Privacy-Preservation Using Group Signature for Incentive Mechanisms in Mobile Crowd Sensing

Mihui Kim* , Younghee Park** and Pankaj Balasaheb Dighe**


Abstract: Recently, concomitant with a surge in numbers of Internet of Things (IoT) devices with various sensors, mobile crowdsensing (MCS) has provided a new business model for IoT. For example, a person can share road traffic pictures taken with their smartphone via a cloud computing system and the MCS data can provide benefits to other consumers. In this service model, to encourage people to actively engage in sensing activities and to voluntarily share their sensing data, providing appropriate incentives is very important. However, the sensing data from personal devices can be sensitive to privacy, and thus the privacy issue can suppress data sharing. Therefore, the development of an appropriate privacy protection system is essential for successful MCS. In this study, we address this problem due to the conflicting objectives of privacy preservation and incentive payment. We propose a privacy-preserving mechanism that protects identity and location privacy of sensing users through an on-demand incentive payment and group signatures methods. Subsequently, we apply the proposed mechanism to one example of MCS—an intelligent parking system—and demonstrate the feasibility and efficiency of our mechanism through emulation.

Keywords: Incentive Method , Internet of Things (IoT) Model , Mobile Crowd Sensing (MCS) , Privacy-Preserving , Using Group Signature

1. Introduction

Physical objects in industrial, mobile, and home environments are increasingly being transformed from isolated systems to networked Internet-enabled devices through information communication technology (ICT) to further expand the Internet of Things (IoT). Sensing data from IoT devices are shared to provide many new services in our lives. Cisco forecasts that 50 billion devices will be connected to the Internet by 2020 [1], and IDC reports that these devices and sensors will generate about 180 zettabytes of data by 2025 [2]. Most IoT devices are resource-constrained; thus, IoT technologies are supported by cloud systems. These cloud-assisted IoT technologies have made a new business model, mobile crowdsensing (MCS) [3-7]. In MCS, sensing data providers supply data obtained from mobile devices through publishing sensing data. Then, the crowdsourced big data are gathered and processed on the MCS infrastructure. Sensing data consumers acquire the sensing data from the cloud MCS infrastructure ondemand. For example, a person near a ski resort may share road condition pictures taken with their smartphone via a cloud computing system and the mobile crowd sensing data may aid other consumers that plan to go to that ski resort.

The most important factors for a successful MCS business are real-time and adequate data supply from providers. Sufficient data can provide meaningful information to sensor consumers through analysis and processing of the data in the cloud. Accordingly, appropriate incentive mechanisms are essential to encourage the active participation of providers. Much incentive researches thus have been conducted [8-10], but the main obstacle to sharing sensing data is the privacy issue [11]. Many sensing data reveal personal information, e.g., location, life pattern, health status, and movement route. Therefore, if an appropriate privacy protection mechanism is not provided for MCS, potential users who are concerned about privacy invasion may not join in. On the other hand, if users conceal their identity and the sensing data via simple encryption algorithms, the encrypted message makes it impossible to provide an incentive. Therefore, this problem caused by the conflicting objectives of privacy protection and incentive payment should be carefully resolved.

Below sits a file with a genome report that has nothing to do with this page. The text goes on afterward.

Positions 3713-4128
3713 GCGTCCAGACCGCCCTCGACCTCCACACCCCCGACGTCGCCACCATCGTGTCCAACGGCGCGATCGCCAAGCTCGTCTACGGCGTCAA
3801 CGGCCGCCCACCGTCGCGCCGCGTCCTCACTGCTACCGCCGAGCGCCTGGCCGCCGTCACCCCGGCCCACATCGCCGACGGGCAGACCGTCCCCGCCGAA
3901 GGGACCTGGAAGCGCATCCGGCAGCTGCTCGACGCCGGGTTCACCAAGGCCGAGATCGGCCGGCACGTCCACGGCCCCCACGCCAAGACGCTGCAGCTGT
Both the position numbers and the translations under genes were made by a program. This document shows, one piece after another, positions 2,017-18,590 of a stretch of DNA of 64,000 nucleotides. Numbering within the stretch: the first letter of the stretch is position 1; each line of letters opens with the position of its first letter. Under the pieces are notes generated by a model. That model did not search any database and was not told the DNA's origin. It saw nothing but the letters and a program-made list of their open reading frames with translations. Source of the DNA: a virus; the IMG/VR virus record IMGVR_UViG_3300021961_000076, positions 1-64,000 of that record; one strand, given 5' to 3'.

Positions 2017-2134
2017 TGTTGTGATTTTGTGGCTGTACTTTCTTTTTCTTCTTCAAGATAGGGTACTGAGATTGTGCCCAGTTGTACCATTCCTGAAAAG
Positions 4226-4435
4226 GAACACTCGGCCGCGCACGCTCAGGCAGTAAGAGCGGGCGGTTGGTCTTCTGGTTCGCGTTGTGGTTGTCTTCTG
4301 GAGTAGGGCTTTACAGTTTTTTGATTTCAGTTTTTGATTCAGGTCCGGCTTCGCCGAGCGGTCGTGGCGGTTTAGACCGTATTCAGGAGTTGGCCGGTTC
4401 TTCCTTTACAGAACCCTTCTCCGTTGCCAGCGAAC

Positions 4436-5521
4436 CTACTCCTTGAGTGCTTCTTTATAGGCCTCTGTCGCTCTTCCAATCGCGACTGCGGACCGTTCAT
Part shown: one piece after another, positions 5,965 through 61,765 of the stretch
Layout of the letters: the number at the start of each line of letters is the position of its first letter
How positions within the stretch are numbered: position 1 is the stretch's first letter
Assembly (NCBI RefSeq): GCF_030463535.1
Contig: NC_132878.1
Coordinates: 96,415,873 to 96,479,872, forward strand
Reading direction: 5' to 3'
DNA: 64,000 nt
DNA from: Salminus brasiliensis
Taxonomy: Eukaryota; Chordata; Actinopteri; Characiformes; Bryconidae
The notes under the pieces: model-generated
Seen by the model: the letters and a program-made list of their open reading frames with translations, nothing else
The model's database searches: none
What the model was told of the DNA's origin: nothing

Researchers have proposed various methods to solve the above problem, i.e., auction-based mechanisms with only winner information exposure, auction-based mechanisms without immediate information exposure, and mechanisms by anonymity authentication. First, earlier studies [12,13] exposed only the information of winners in the auction. However, the private information of winners also should be also kept private. Second, other studies that utilize auction processes include [6,14,15], who provide mechanisms for protecting the shared sensing data or the information for the auction process (e.g., bidding, sensing, and reputation data in the auction process) such as time-lapse cryptography (TLC) [6,14] and differential privacy [15]. However, the server managing the security keys in [6,14,15] can trace the private information of all bidders. Third, methods have also been proposed that both guarantee anonymity during participation and incentive payment [16-19] by applying K-anonymity [17], mix-zone [18], group signature [19], or identity-committable signatures (ICS) [16]. However, these complicated processes can hinder the real-time data gathering or on-demand incentive compensation. Our proposal pursues a simple on-demand incentive mechanism with privacy-preservation.